Bendix upgrades Wingman Fusion

ELYRIA, Ohio — Bendix has announced software updates to its Wingman Fusion collision mitigation system, which will enhance its stopping power and help drivers navigate stop-and-go traffic.

The updates also add highway departure braking and active cruise with braking auto-resume functionality. Current customers will be able to access the new functions through a software update; no hardware swap-outs are required. The updates will be available through truck OEMs next year.

Active cruise with braking stop and driver go will work at lower speeds than before, such as in traffic jams or in parking lots, bringing the vehicle to a stop when necessary. The driver can re-engage the functionality by touching the accelerator, causing the truck to automatically move along with the speed of traffic. The driver no longer has to push the resume switch.

Active cruise with auto-resume re-engages cruise control after Fusion brakes the vehicle above a certain speed threshold. The driver will no longer have to resume cruise if the system brakes and certain parameters are met.

Wingman Fusion will also offer highway departure braking, which will apply the brakes and slow the vehicle if it has left the roadway – even applying the parking brakes if Intellipark is available. A multi-lane automatic braking feature will continue to apply the brakes if necessary, when a truck driver changes lanes during an emergency braking situation.

Additionally, Wingman Fusion will be able to apply 100% of the truck’s braking power, up from two-thirds that was previously possible. This will allow the system to slow the vehicle by as much as 50 mph.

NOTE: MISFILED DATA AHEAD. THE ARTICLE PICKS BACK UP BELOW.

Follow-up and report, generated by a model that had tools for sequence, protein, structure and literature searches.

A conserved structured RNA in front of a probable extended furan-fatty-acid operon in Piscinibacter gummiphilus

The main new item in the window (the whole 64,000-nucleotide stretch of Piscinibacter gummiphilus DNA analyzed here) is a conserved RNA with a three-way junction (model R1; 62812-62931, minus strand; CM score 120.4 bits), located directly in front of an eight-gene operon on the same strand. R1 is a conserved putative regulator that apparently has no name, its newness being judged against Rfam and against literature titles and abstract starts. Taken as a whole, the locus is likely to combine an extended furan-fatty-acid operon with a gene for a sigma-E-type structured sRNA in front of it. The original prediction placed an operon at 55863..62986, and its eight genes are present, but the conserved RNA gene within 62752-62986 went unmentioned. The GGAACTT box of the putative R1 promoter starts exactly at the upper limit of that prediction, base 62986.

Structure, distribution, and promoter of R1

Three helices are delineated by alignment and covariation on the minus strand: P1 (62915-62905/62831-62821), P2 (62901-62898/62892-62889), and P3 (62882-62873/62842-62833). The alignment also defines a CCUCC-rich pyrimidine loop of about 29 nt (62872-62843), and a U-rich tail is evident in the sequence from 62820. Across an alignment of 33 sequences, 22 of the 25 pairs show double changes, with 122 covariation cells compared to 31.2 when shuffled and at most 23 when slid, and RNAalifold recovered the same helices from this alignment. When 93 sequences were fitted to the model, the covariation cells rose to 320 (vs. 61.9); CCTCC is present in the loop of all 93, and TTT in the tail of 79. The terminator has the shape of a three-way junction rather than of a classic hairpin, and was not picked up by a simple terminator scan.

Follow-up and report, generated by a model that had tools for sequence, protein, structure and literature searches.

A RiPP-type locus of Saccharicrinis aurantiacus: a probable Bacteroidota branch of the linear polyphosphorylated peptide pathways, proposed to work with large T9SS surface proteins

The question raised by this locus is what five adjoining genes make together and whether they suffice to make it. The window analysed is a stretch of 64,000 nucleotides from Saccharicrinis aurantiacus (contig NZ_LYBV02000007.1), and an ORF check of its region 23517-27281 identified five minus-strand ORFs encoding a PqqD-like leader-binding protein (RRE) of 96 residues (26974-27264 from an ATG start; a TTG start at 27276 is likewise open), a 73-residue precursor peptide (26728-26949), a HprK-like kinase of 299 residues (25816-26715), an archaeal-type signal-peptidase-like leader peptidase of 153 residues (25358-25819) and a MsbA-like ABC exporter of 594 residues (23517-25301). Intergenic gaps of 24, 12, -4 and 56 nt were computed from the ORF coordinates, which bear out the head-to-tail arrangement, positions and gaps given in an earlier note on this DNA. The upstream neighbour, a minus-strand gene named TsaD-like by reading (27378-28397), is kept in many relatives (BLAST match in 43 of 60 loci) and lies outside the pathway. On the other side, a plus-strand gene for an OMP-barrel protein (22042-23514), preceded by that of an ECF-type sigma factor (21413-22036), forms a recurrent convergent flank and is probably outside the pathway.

Andy Pilkington, manager of advanced driver assistance systems for Bendix, said trailer braking is not yet offered because there is currently no way to determine whether or not the trailer has fully functioning ABS.

“If we apply 100% of braking to a trailer without ABS, we risk trailer instability,” Pilkington noted, adding some systems in the market do activate trailer brakes despite the risk. “We are working on a solution to this issue in the future, and when it’s available, it will be added to the system to add additional brake force benefits.”

Fred Andersky, director of customer solutions – controls, said customers should expect further changes to braking systems, including adoption of the European electronic braking system – or EBS. This, Andersky said, “will get more smarts closer to the wheel-end so we can reduce reaction time from the system and also improve the capabilities we can deliver.”

Stronger brakes will also be arriving, including increased adoption of air disc brakes, due to the demands of advanced driver assistance systems.

“These systems don’t have time to deal with brake fade,” he said, adding platooning trucks will require tractors with air disc brakes.

The air moving through the brake system will also need to be kept cleaner, Andersky explained, citing the need for smarter air dryers.


James Menzies is editor of Today's Trucking. He has been covering the Canadian trucking industry for more than 20 years and holds a CDL. Reach him at or follow him on Twitter at @JamesMenzies.

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